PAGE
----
George Stevens Academy’s Michael Moon defends against Lee Academy’s Willie Hsu during the second half of a high school boys’ basketball game Dec. 7 in Blue Hill. GSA scored 18 points in the first 3 minutes, 10 seconds of the third quarter en route to a 69-42 victory over the visiting Pandas. ELLSWORTH AMERICAN PHOTOS BY MIKE MANDELL

Hot 3rd quarter lifts GSA boys to win over Lee Academy



BLUE HILL — As his players and assistant coaches gathered at halftime, Dwayne Carter saw a chance for his team to put its regular season opener out of reach.

No, Carter’s George Stevens Academy boys’ basketball team hadn’t been the definition of consistent during the first half of Saturday’s game against Lee Academy, which had limited the Eagles to just six points in the second quarter. Still, the GSA head coach knew his team could make a Lee comeback difficult with a big second-half run, and he had an ideal time frame in mind.

“I told them, ‘The first three minutes, we’re going all out,’” Carter said. “We still had a lot of energy, and that’s what I wanted them to do.”

When the second half began, the Eagles gave their head coach exactly what he wanted; in just 3 minutes, 10 seconds, GSA scored 18 points to turn a surmountable lead into a commanding one en route to a 69-42 victory in Blue Hill.

GSA (1-0) took an early lead through Milos Sujica, whose two 3-pointers highlighted a strong offensive stretch for the home team early in the game. The Eagles then rode that momentum to a 24-point first quarter and took a nine-point lead into the second.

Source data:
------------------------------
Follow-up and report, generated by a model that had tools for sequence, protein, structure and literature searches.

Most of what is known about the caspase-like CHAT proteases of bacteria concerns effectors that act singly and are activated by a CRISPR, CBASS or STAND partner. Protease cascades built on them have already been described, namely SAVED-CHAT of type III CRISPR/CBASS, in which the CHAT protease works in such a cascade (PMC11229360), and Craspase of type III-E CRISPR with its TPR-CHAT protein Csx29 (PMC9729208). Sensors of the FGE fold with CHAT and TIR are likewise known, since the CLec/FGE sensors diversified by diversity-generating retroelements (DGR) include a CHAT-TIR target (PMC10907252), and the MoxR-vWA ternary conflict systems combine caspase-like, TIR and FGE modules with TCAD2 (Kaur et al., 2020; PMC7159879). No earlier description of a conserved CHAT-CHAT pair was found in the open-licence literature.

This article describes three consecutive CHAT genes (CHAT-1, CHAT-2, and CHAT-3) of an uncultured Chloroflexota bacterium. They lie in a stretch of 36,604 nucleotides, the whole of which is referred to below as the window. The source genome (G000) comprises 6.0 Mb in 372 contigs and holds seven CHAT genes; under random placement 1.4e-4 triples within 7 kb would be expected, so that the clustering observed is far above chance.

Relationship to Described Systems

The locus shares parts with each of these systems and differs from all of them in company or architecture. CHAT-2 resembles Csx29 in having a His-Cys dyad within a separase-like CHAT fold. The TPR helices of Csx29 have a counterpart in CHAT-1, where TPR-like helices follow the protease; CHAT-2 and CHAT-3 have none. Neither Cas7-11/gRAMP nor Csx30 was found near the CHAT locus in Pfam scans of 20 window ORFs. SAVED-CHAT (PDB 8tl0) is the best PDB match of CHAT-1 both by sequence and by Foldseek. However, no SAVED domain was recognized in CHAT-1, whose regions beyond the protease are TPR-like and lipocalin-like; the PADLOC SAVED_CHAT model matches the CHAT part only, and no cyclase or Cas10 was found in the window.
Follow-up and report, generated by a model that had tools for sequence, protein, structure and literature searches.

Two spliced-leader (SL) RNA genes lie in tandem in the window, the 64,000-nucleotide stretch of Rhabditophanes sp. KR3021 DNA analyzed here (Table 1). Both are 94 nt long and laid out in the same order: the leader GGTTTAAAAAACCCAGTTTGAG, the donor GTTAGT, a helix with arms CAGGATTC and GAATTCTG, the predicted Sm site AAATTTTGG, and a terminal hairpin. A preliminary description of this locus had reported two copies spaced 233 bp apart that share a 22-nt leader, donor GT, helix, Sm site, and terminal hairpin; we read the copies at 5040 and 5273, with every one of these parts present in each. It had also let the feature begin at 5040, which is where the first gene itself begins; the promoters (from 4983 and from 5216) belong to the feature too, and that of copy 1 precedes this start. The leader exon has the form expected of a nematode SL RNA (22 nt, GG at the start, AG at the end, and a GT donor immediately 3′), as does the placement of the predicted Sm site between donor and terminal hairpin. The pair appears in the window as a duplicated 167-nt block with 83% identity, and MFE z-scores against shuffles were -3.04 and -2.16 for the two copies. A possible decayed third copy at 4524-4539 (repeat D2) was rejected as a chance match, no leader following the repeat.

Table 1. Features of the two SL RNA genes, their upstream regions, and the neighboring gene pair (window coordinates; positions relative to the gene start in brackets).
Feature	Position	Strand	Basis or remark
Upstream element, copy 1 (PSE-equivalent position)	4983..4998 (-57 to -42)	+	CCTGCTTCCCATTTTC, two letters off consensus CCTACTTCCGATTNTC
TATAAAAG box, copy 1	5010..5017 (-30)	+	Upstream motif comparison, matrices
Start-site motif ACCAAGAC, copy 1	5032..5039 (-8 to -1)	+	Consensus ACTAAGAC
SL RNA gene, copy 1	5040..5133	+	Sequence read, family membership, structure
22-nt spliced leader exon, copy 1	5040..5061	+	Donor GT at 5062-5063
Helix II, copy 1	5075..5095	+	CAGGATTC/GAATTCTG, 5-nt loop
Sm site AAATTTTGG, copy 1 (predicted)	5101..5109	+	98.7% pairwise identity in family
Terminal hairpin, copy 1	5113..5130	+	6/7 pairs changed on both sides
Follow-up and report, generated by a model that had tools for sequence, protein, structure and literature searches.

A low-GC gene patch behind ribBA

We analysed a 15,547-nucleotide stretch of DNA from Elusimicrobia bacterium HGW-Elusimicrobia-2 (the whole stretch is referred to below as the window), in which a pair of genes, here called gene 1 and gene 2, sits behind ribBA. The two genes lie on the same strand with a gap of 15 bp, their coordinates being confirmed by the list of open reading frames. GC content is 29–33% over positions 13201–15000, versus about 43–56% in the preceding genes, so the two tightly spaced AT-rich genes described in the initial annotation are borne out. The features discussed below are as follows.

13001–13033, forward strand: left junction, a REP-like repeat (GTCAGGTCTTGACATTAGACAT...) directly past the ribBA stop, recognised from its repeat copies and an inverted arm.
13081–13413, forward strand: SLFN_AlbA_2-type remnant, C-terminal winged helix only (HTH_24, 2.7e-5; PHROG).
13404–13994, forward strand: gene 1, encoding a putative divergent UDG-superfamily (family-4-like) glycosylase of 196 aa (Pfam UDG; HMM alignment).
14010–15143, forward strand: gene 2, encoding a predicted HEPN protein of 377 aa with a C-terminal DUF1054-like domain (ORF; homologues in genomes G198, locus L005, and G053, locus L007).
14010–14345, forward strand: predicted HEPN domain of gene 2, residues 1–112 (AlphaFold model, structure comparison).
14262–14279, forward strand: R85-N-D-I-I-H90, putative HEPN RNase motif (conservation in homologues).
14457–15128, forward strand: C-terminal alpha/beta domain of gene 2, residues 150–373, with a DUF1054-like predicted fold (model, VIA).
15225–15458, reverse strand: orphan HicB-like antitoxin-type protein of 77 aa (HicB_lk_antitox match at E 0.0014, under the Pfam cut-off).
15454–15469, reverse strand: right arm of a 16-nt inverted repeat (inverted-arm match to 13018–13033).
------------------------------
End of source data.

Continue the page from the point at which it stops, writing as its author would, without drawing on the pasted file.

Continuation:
GSA’s Milos Sujica spots up to shoot against Lee Academy’s Willie Hsu during the first half of a high school boys’ basketball game Dec. 7 in Blue Hill. Sujica, an exchange student from Serbia, gave the Eagles an early lead with a pair of 3-pointers. He finished the game with 14 points. ELLSWORTH AMERICAN PHOTO BY MIKE MANDELL

GSA’s defense held Lee Academy to seven points in the second quarter, but the Eagles failed to pull away as Sujica and Gadsby began dealing with foul trouble. With those two on the bench, the visiting Pandas stayed within striking distance and trailed just 30-22 as the two teams left the floor for halftime.

“In the second quarter, we just didn’t execute very well, and with a young team, we’re going to have those ups and downs a little bit,” Carter said. “We missed a lot of the shots we took inside because we were too low under the basket, and that’s a sign for us that we have to work on positioning better.”

Yet with GSA’s full starting lineup returning to the floor in the second half, the Eagles extended the lead to 20 points in the blink of an eye amidst their three-minute offensive onslaught. With Gadsby, Mattson, Sujica, Michael Moon and Teague Smallidge contributing on offense, the Eagles scored one basket after another while keeping the Lee Academy offense in check en route to a season-opening win.

Mattson finished with 21 points for the Eagles, and Sujica (14 points), Gadbsy (11 points) and Moon (10) joined him in double figures. Teague Smallidge (seven points), Austin Snow (three points) and Dexter Brown (two) rounded out the rest of the scoring.